More particularly, Sen criticises the focus on establishing what ideal institutions should be like. You have only to look at the world to see that countries that have very similar formal institutions can vary enormously in how just or unjust they are. For instance, “[the] presence of remediable injustice may well be connected with behavioural transgressions rather than with institutional shortcomings.” Injustice within a family, for example, may show nothing about the failure of the institution of the family.
Sen’s alternative is to promote a comparative approach, whereby we judge societies, practises and states of affairs against alternatives, actual and possible. This is practically, as well as theoretically more powerful. As he says, we didn’t need to know what an ideal society looked like before we could conclude that it would be better if we abolished slavery.
The constant and seemingly effortless interplay between practical necessity and theoretical rigour is one of the delights of Sen’s writing. This is particularly evident in how he addresses what has been a recurrent theme in his work: the challenge of creating a better, more equal and peaceful world in the absence of universal agreement on ethics, politics and the good life.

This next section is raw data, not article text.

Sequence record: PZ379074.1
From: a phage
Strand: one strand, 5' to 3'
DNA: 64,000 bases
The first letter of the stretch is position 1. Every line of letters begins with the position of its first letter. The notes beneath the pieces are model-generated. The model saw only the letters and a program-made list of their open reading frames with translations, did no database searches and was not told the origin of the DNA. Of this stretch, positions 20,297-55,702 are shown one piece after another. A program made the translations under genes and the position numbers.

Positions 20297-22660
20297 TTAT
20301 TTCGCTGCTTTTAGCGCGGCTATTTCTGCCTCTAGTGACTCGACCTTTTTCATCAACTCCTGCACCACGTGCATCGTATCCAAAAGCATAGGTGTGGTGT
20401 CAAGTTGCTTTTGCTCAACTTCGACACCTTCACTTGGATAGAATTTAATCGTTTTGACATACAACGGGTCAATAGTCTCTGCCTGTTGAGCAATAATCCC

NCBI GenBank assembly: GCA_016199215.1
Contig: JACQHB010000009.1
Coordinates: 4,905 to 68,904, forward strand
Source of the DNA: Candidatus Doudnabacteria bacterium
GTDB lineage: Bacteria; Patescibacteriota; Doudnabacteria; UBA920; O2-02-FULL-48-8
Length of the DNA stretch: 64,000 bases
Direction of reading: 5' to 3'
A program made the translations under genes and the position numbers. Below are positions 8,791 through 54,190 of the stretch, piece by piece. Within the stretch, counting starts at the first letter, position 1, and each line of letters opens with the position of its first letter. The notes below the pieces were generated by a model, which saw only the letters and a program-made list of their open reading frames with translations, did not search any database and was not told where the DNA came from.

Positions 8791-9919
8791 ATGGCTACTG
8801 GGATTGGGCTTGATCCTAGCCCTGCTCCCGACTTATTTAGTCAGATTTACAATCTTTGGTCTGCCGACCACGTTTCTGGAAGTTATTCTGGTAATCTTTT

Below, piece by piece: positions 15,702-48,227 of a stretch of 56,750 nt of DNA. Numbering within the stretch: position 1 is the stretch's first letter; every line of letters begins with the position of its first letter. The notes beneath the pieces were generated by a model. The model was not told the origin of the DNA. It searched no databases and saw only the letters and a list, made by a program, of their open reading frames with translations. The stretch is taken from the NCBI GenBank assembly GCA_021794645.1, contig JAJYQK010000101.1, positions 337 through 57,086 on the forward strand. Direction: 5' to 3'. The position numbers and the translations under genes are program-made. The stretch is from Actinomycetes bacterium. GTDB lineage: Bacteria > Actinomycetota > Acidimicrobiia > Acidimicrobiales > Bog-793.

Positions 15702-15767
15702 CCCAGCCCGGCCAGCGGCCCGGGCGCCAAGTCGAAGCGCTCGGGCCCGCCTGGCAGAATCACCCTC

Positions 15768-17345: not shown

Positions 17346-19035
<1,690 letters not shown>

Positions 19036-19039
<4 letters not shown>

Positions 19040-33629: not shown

The foundations of Sen’s response to this challenge was laid down in his past work with Martha Nussbaum on the capabilities approach, which he returns to several times in The Idea of Justice. This insists that although there may be many different, equally valid conceptions of the good life, there are nonetheless some universals which we can, and must, insist that all societies work towards. What saves this from contradiction is the idea that the universals are not particular activities or ways of life that people adopt, but capabilities they are fully enabled to exercise. So, for example, while it may be a particular, non-universal value that men and women fulfil the same social roles, it is a universal value that women are not prevented from exercising their capabilities to fulfil the same roles that men do, should that be what they want.
The capabilities approach is not without difficulties. In particular there is a question of how far it is possible, in practice, to have the right to exercise a capability in a society where there are no formal barriers to doing so, but social practices run contrary to doing so. However, there is surely something right in Sen’s insistence that it is unrealistic to expect a viable theory of justice to eliminate all traces of pluralism.